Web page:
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10 Most Popular Home Styles

There are many of architectural styles in the US have influenced home design from coast-to-coast. Terms like 'modern' and 'contemporary' vary locally, but fixed features and principles can identify these popular frameworks. Whether you’re on the hunt for a new home or you’re just admiring the architecture in your neighborhood, learn about the different house styles and their defining characteristics. Today’s home buyers encounter a melting pot of architectural styles across the United States, ranging from sprawling Queen Annes to clean-lined contemporaries. But which styles reign supreme? For your shopping (and dreaming) pleasure, we've rounded up examples of the 12 most popular styles. Check them out, choose your favorite facade, and then head out on a house-hunting expedition.


Contemporary

Many newly constructed homes incorporate a wide variety of architectural influences, giving them a 'contemporary' look. A contemporary home is one that reflects the current style, which in this case would be XXI century architecture and design.


Traditional & Cape Cod

Originally built by English settlers in the 17th century, Cape Cod homes saw a resurgence in popularity during the 1940s. An original Cape Cod house is a small, rectangular, unadorned one to one-and-a-half-story cottage with a steep pitched roof to keep snow from piling up and side gables.


A traditional home is the most common style in the United States. It is a mix of many classic, simple designs typical of the country's many regions. Common features include little ornamentation, simple rooflines, symmetrically spaced windows.


Ranch-Style House

One of the most popular home style in the U.S., ranches typically feature a long, open lay-out contained on a single story. Low rooflines and 'L' or 'U' shaped floor plans also predominated this popular style from the '40s through '80s. Americans loved their open, single-story floor plans, attached front garage, sliding glass doors, and low rooflines.


European-Style

European style homes is one of the most popular house plans in the US now. Massive entry door, big windows and stone decorations at the exterior. Big fireplace, hardwood floor, stone, and marble elements inside. European-style homes present with many similar elements of modern house, contemporary homes, and mid-century modern design - serving as a testament to the trending nature of these styles.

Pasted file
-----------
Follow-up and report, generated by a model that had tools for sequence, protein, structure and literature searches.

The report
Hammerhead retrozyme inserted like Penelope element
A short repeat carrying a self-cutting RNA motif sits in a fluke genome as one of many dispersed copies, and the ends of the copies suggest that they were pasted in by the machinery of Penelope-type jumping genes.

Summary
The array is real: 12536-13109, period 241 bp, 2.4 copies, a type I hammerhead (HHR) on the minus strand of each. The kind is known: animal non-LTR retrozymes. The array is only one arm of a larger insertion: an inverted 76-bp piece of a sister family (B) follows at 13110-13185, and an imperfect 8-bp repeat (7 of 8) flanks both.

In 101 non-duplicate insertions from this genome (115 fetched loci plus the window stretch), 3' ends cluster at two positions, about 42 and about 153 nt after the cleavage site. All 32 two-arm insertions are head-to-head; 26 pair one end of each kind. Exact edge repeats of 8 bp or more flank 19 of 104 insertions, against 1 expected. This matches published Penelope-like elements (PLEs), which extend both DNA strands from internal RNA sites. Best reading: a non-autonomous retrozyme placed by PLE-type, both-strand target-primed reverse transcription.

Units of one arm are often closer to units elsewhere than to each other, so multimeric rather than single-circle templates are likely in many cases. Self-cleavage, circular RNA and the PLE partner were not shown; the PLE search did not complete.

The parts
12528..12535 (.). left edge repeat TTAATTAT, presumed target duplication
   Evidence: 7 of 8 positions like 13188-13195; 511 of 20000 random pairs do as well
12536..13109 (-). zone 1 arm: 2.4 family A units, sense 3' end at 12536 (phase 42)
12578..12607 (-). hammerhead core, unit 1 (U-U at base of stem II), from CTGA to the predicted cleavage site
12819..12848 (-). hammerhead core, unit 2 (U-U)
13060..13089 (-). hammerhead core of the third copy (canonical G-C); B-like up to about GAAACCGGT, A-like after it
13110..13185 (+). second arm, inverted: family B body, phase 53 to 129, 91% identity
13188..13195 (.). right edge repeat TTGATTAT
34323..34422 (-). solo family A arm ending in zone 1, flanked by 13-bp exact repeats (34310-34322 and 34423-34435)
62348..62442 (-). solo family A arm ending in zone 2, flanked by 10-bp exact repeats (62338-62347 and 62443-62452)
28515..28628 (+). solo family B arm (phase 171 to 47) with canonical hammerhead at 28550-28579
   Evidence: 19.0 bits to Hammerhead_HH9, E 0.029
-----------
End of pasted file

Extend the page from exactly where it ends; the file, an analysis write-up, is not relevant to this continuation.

Modern House

Often confused with contemporary architecture, the term modernism applies to many homes built from the 1910s to 1980.


Colonial (American Colonial, Colonial Revival)

A colonial-style home usually has a simple, borderline minimalist rectangular shape. Inspired by 18th century design, architects of the Colonial Revival style pay the same attention to symmetry, but also borrow elements from other movements. They tend to be two to three stories tall with fireplaces and brick or wood facades. Colonial homes are traditionally found on the east coast of the United States.


The Spanish colonial style was to the Southwest and Florida what the Colonial Revival and Tudor were to the Northeast and Midwest: an incredibly popular style that filled out the suburbs in the years after World War I. Often found in Florida and California, these homes also draw on the missions and pueblos of the West.


Country-Style House

The country style is a broad compassing style of design and home construction that is loosely based on traditional farmhouse styles.


Tudor Revival

Tudor homes share several common features: a steeply pitched roof with multiple overlapping, front-facing gables; a facade that's predominantly covered in brick but accented with half-timber framing (widely spaced wooden boards with stucco or stone in between). Though the style began in the late 19th century, it was immensely popular in the growing suburbs of the 1920s. A version of Tudor came back into vogue in the late 20th century.


Log Cabins

Log cabin house built of logs notched at the ends and laid one upon another with the spaces filled with plaster, moss, mortar, mud, or dried manure. The term 'log cabin' generally refers to a smaller, more rustic log house, such as a hunting cabin in the woods, that may or may not have electricity or plumbing.


American Craftsman

Craftsman style house characterized a covered front porch, tapered columns that support the roof and are typically more sturdy at the bottom, becoming smaller at the top, deep overhanging roof eaves. Many of these homes are bungalow-style and are known for their natural materials, cozy interiors, and wide porches. They're particularly popular in California and the Midwest, and appeal primarily to those who love vintage homes.


Mediterranean Style

Mediterranean types of houses have spread from Spain and Italy and landed solidly in the United States. Famous throughout warm-weather climates, Mediterranean style houses can be purchased mainly in California and Florida.






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